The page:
May 18, 2004
Warship Power Systems
Steven Den Beste wrote a bit more on spaceships when someone suggested using optics for power transmission. However, if both ends run on electricity and aren't hundreds of miles apart then optics can't compete for transmitting large amounts of power. This is one of the reasons we use transformers instead of having a high-voltage, high-intensity lamp shining on a low-voltage, high-current photo-cell. As SDB points out, the major power consumption isn't in the wiring. But the whole debate gets back to the question of where the spaceship's power goes, and there's actually only a few places a warship would use major amounts of power.
First off, let's eliminate the crew as a major component of the power requirements. Take a look at your crew size and note that you'll need maybe two kilowatts or so per person. They'll each have computers and other personal electronics at 100W or far less, lighting that might amount to a couple hundred watts, and they'll occasionally cook something, so you can figure a few intermittent surges in personal use. The Space Shuttle runs on about 14 kW, or roughly 2 kW per person, including all the navigation systems and controls, and a radiator running at roughly room temperature would only need to be about 5 square meters per person. Of course near the earth the energy coming from sunlight would affect this, as would the hundred or so watts per square meter reflected up from the earth.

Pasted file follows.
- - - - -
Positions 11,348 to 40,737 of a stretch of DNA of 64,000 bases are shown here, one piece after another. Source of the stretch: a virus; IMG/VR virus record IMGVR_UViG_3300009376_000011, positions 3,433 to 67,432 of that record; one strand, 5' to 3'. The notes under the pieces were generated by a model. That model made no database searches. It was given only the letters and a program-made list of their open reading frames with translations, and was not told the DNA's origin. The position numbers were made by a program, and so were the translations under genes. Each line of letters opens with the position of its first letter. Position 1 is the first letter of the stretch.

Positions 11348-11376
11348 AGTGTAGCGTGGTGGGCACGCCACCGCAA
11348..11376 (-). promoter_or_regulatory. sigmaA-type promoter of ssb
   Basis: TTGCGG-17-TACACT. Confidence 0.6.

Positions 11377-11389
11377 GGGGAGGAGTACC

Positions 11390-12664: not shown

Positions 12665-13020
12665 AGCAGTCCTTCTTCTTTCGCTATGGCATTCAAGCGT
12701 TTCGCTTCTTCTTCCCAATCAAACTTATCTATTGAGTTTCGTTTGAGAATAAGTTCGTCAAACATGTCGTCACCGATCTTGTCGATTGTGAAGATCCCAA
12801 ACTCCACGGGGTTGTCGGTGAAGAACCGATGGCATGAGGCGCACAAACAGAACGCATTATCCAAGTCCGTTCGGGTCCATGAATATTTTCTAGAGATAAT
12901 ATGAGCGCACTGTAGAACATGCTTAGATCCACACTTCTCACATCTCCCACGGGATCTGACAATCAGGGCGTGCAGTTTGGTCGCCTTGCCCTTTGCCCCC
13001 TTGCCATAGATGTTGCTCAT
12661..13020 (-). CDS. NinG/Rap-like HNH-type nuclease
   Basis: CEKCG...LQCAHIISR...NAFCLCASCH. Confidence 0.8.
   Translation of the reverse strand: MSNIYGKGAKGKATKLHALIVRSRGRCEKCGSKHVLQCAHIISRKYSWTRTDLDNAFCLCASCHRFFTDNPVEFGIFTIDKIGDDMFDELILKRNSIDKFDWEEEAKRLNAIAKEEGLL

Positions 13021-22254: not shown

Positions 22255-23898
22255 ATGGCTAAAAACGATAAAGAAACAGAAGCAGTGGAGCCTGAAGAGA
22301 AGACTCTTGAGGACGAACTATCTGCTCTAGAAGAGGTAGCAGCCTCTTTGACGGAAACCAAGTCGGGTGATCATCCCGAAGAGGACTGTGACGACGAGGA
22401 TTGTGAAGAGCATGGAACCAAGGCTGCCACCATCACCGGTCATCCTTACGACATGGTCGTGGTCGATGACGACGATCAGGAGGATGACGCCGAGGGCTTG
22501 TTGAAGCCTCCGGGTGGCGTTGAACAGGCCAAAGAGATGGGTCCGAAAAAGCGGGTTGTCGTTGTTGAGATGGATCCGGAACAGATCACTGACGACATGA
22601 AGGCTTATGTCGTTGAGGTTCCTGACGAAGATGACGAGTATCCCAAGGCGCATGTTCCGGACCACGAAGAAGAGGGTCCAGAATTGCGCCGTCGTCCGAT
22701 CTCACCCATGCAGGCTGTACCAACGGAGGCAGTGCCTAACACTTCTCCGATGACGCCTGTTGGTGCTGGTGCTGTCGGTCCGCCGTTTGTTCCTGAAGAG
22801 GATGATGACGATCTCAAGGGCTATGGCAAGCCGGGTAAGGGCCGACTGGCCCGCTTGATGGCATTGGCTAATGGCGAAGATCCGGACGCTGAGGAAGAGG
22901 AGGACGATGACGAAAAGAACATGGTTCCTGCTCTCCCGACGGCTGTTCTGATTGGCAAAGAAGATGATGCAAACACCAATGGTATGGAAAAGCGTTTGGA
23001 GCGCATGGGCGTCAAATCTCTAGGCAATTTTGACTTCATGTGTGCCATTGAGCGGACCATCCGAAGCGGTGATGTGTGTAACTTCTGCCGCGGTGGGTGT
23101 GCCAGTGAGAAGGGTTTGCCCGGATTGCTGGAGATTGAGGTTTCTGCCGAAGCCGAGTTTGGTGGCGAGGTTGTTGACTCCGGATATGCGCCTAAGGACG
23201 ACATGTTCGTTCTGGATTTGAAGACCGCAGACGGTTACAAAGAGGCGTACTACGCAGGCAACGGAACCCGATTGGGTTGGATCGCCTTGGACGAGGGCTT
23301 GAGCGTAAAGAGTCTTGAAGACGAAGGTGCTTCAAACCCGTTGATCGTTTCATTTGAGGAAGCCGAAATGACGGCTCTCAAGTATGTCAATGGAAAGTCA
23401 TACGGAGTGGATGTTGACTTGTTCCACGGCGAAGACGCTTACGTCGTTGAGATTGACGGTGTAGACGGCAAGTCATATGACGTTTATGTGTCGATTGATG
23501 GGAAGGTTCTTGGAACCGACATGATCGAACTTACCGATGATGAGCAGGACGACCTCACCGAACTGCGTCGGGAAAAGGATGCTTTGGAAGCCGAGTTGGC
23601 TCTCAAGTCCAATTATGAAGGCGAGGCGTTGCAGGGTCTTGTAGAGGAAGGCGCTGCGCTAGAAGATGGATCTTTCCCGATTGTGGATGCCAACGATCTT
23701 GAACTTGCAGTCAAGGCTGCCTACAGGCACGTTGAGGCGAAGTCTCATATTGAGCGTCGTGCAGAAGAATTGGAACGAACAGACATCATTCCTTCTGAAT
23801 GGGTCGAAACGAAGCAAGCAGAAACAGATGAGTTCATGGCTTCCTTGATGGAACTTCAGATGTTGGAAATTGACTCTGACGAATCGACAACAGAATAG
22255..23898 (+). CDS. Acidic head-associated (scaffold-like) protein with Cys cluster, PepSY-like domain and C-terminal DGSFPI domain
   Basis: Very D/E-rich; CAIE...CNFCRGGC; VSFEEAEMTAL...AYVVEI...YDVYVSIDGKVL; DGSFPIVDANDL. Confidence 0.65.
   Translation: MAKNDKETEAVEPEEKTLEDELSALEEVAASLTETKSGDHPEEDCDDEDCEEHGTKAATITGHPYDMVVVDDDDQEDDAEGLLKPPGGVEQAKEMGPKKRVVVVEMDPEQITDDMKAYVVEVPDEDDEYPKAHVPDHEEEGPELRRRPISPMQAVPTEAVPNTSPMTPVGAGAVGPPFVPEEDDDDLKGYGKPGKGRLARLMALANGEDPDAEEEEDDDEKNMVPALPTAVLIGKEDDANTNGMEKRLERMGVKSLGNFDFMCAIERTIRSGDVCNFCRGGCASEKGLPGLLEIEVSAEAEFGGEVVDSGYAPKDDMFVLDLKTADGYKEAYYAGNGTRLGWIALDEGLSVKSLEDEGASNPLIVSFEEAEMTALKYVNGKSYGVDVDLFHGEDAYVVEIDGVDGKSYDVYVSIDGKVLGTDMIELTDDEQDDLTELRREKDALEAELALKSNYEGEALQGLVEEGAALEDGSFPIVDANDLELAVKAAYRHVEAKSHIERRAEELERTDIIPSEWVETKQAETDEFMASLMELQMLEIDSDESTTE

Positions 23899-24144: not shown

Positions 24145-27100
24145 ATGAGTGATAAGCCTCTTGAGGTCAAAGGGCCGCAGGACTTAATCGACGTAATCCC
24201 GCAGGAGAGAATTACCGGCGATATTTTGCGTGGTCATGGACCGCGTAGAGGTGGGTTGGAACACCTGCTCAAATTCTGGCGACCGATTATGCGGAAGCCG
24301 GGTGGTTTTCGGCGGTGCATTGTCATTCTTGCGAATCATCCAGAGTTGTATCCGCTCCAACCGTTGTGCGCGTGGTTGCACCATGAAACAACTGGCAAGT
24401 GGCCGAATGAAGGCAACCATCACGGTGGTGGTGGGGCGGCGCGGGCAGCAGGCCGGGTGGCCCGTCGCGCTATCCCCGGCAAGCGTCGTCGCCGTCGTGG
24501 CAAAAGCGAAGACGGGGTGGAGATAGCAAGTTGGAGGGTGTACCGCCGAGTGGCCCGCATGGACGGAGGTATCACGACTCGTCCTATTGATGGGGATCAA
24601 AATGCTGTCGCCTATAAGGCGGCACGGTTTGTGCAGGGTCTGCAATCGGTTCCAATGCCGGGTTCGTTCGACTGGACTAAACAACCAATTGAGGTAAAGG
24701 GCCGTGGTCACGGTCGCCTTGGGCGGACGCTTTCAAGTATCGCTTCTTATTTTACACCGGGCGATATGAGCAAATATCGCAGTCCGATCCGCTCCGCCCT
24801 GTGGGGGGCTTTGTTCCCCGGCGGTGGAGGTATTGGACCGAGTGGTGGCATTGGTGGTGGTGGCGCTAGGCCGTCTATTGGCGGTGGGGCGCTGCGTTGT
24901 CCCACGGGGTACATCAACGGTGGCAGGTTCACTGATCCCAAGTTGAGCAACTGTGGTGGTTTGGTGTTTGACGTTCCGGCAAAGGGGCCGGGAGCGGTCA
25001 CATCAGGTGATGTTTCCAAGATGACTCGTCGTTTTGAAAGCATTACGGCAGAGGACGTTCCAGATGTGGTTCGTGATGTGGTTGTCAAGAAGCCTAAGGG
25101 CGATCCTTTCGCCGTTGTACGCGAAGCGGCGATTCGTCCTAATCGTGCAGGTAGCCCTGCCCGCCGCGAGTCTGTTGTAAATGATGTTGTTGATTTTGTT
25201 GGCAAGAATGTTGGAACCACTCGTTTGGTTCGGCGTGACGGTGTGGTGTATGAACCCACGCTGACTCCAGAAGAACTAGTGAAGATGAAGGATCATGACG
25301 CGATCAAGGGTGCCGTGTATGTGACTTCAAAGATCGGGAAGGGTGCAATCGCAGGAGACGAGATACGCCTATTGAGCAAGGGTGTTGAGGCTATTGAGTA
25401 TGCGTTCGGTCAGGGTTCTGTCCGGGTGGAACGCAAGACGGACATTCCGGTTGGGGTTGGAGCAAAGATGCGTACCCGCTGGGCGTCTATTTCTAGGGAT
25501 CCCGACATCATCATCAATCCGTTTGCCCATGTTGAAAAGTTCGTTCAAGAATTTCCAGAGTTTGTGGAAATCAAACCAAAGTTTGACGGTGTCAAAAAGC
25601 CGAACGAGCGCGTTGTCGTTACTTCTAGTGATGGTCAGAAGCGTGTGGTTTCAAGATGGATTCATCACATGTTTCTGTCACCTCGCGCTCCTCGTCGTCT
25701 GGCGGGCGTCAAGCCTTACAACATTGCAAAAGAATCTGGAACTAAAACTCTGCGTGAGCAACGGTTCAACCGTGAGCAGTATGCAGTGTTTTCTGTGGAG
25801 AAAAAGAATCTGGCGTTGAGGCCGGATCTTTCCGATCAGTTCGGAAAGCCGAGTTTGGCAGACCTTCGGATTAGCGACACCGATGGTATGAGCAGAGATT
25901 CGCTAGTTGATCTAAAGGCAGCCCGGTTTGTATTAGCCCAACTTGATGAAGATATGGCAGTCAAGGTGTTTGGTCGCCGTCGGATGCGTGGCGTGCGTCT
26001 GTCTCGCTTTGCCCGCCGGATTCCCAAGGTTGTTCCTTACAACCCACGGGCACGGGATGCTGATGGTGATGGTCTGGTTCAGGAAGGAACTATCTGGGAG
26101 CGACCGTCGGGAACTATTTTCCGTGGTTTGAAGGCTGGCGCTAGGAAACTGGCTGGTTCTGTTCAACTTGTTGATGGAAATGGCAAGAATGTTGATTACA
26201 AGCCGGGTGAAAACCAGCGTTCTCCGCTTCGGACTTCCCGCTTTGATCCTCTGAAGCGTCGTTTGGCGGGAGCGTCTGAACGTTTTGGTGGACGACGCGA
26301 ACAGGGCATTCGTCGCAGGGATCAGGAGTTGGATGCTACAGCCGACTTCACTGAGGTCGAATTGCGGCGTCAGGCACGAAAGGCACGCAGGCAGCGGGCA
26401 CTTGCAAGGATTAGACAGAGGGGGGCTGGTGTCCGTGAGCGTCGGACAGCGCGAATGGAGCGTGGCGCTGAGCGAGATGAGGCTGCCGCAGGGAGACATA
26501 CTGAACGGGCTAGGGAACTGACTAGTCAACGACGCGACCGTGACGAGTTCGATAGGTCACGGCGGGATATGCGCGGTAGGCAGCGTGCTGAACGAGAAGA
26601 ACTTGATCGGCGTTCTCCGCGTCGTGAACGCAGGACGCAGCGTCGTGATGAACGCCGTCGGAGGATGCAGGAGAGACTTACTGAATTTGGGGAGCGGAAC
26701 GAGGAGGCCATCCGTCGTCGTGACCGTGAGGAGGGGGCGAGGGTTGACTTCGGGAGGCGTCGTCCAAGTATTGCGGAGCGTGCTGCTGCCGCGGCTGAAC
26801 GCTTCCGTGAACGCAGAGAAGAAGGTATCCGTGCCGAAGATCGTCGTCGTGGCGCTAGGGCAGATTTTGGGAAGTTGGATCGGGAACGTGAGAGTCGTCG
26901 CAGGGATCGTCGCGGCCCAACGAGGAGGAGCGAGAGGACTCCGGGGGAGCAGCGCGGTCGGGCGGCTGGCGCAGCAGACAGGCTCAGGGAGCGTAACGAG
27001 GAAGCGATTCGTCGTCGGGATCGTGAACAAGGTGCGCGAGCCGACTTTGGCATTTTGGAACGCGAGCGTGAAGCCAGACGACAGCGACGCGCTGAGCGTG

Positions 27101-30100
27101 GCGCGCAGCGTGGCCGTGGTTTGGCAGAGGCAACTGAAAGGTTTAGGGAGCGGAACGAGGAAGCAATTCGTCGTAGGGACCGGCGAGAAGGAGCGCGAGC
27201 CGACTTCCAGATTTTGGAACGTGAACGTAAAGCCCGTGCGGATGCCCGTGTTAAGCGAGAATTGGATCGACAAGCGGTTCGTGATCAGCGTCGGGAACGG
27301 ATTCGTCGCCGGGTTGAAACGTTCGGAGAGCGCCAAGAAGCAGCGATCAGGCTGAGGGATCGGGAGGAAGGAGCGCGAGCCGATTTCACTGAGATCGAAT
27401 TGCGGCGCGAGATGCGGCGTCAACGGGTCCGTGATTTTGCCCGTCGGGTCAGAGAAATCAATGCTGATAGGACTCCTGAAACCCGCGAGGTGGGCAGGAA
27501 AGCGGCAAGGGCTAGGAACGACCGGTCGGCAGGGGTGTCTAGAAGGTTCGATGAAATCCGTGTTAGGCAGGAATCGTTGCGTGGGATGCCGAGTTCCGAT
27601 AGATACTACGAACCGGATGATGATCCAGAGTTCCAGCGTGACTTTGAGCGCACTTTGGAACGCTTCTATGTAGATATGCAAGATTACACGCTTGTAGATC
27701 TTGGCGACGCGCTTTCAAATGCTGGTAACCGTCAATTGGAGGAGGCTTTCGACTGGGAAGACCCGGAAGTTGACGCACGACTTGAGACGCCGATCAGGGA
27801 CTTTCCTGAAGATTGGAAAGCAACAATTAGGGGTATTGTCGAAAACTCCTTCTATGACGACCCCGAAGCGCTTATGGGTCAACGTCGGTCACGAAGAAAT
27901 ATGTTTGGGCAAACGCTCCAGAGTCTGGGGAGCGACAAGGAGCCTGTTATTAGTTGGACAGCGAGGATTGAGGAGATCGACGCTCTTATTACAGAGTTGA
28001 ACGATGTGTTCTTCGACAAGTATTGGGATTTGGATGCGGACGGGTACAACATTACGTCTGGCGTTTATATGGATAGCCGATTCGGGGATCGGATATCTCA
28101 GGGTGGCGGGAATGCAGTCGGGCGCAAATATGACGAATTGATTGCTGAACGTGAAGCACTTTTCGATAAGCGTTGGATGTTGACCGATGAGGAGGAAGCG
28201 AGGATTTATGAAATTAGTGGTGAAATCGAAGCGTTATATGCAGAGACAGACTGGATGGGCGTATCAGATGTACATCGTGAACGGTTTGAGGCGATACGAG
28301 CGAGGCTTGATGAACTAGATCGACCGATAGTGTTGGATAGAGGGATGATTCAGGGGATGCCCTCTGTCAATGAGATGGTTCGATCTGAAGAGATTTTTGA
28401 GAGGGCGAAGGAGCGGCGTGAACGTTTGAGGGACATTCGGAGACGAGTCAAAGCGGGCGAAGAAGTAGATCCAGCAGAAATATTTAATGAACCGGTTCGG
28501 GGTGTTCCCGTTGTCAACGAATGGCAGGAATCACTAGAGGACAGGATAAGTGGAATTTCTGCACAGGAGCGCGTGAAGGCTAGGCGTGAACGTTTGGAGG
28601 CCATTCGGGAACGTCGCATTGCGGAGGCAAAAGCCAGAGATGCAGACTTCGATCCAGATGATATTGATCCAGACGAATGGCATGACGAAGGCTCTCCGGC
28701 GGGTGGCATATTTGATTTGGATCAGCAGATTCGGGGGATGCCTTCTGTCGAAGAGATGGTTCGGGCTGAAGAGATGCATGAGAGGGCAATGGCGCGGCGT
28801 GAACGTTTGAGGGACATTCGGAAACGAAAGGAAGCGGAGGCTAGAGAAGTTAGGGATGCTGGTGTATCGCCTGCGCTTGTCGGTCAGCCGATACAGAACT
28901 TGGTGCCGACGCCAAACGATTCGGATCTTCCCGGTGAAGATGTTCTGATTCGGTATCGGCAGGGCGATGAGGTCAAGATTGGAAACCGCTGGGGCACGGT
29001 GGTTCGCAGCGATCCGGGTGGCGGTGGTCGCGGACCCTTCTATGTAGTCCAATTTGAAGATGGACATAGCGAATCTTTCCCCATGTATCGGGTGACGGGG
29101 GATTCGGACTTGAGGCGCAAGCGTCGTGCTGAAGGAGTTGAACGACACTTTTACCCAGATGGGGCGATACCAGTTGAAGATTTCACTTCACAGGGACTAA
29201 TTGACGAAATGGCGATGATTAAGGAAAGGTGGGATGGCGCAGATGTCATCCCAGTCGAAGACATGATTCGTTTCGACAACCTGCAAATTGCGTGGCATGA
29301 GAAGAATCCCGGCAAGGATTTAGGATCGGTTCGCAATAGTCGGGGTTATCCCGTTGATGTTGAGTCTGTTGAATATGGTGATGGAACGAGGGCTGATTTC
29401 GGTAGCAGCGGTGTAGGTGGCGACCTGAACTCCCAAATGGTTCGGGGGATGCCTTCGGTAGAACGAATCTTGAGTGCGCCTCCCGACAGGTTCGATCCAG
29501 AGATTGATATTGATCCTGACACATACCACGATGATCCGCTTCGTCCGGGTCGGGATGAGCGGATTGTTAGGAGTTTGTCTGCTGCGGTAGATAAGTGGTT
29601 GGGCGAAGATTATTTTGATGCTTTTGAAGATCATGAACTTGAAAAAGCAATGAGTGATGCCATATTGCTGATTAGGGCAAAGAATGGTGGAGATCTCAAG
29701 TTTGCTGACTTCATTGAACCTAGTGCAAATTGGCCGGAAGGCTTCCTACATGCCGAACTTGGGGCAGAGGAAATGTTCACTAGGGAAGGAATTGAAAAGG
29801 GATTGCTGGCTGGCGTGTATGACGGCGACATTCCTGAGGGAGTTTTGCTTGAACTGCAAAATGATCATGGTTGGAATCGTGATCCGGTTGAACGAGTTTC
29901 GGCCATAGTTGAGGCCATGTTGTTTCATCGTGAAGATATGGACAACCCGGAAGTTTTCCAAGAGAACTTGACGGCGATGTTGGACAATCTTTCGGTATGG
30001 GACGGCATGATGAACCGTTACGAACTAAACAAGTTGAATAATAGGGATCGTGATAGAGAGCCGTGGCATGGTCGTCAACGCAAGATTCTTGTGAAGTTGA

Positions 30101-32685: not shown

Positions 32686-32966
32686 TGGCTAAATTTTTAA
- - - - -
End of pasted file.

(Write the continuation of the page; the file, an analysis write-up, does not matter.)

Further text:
If you cut the ships power and wait, everyone will of course turn into human popsicles as the laws of thermodynamics equalize the temperature of the ship with that of the cold background of space, so although the power they use becomes waste heat, it's waste heat you want to keep around, and least to a degree, or even 70 degrees. You can't let the heat build up forever or they'll bake, and this is why you have to strike a balance between heat generation, absorption from the sun, and radiation back into space. Fortunately the skin of the ship facing away from the sun tries to approach 5 degrees Kelvin, but of course the sunward side gets hot enough to fry an egg, so keeping things in balance is a trick, especially when cruising to Mercury before swinging out to Jupiter.
I'll also assume they're not going to be growing crops on a warship, or at least not dragging them into direct combat, but rather abandoning their crops before a fleet action commences, to be tended by three little robots and maybe Bruce Dern. So we have no other major sources of power required by life support. That leaves us with other major power hogs on the ship, which is really going to come down to just a few items, namely propulsion, active sensors, and weapons.